Rita Sakr (Goldsmiths) Imagining Mid-Nineteenth-Century Beirut as a ‘City of the World’
THIS EVENT IS ARCHIVED
Date: 10 January 2018Time: 3:15 PM
Finishes: 10 January 2018Time: 5:00 PM
Venue: Russell Square: College Buildings Room: 4429
Type of Event: Talk
This presentation addresses mid-nineteenth-century cultural-geographical dynamics that constructed Beirut as a ‘city of the world’ and how its production forms both a ‘crisis of representation’ and a ‘representation of crisis’. Anchored in a pivotal period in the city’s development from 1858 to 1876, it explores transnational and transhistorical perspectives: in the output of mid-nineteenth-century Beiruti intellectuals and missionaries (including newspapers, public lectures, the encyclopedia, and the memoir), alongside mid-nineteenth-century photography and cartography by military and civilian visitors to Beirut, as well as in twenty-first-century Lebanese historical literature that recreates mid-nineteenth-century Beirut as an overdetermined representational space shaped by the city’s more recent post-war transformations.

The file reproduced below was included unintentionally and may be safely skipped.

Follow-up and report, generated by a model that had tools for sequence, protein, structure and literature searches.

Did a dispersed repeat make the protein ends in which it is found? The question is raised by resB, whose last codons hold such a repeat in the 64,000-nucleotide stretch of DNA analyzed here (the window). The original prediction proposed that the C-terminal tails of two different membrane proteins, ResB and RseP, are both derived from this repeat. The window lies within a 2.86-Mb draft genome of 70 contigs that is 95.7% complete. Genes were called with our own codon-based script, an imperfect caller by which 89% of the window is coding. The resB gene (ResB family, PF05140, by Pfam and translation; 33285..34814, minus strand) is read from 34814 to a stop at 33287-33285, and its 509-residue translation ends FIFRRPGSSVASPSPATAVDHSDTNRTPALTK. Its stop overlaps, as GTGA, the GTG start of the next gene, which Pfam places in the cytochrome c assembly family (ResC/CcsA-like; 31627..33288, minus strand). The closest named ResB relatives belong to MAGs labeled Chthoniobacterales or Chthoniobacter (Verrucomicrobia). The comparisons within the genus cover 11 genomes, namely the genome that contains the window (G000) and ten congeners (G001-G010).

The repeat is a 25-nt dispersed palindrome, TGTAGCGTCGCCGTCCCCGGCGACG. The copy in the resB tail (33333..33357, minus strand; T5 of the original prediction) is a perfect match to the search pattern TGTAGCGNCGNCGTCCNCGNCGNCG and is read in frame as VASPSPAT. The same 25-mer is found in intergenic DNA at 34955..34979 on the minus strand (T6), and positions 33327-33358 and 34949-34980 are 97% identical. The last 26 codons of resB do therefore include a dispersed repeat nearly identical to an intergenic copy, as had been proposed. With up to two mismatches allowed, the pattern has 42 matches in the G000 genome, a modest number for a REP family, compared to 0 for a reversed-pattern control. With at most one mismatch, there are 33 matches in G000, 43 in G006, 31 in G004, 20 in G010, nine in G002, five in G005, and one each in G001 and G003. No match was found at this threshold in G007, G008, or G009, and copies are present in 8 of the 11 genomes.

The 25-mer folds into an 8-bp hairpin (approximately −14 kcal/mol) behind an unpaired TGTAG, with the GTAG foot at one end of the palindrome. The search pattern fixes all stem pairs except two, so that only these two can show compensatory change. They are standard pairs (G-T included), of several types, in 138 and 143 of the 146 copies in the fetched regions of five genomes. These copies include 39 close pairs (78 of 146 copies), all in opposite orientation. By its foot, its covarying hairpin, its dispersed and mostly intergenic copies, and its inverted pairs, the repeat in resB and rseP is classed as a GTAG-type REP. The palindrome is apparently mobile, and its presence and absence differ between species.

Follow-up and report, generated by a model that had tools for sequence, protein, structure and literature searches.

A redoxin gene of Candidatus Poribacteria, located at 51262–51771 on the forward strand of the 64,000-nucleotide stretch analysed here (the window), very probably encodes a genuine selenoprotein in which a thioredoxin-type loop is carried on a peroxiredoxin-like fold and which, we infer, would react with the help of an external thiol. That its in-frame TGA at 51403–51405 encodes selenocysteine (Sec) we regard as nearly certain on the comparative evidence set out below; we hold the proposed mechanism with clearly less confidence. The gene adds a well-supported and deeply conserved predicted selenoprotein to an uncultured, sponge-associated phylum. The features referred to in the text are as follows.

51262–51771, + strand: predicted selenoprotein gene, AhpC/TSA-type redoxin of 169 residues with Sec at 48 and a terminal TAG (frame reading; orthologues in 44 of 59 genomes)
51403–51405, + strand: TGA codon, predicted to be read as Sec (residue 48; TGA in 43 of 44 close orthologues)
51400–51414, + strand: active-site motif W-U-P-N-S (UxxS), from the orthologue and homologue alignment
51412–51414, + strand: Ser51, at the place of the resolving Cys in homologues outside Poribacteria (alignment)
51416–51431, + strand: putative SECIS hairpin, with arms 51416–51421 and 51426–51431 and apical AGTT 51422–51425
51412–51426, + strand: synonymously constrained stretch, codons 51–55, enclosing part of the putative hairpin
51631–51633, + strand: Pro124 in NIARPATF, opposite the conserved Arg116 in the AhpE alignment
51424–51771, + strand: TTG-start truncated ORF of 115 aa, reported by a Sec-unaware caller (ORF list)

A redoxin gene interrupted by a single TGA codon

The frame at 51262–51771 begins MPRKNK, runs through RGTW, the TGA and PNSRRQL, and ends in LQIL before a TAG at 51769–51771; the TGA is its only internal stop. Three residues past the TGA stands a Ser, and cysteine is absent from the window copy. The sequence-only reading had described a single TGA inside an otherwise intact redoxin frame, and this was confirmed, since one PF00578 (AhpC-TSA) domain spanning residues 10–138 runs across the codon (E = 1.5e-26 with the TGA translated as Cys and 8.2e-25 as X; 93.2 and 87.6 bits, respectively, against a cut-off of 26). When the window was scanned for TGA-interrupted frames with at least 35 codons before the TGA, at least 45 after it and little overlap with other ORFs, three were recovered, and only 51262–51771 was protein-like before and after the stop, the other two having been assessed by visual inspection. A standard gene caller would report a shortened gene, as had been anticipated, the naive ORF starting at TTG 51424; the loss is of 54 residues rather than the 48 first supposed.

Rita Sakr is Lecturer in World Literature at Goldsmiths, University of London. She is the author of Monumental Space in the Post-Imperial Novel: An Interdisciplinary Study (Continuum, 2012; and in paperback, Bloomsbury Academic, 2013), and of ‘Anticipating’ the 2011 Arab Uprisings: Revolutionary Literatures and Political Geographies (Palgrave, 2013). With Caroline Rooney, she is co-editor of The Ethics of Representation in Literature, Art and Journalism: Transnational Responses to the Siege of Beirut (Routledge, 2013) and co-director and co-producer of the RCUK-funded documentary on Beirut, White Flags (2014). With Finn Fordham, she co-edited James Joyce and the Nineteenth-Century French Novel (2011). Her recent publications focus on migration, human rights, and urban studies; her current monograph project is titled Global Arab Literary Geographies.
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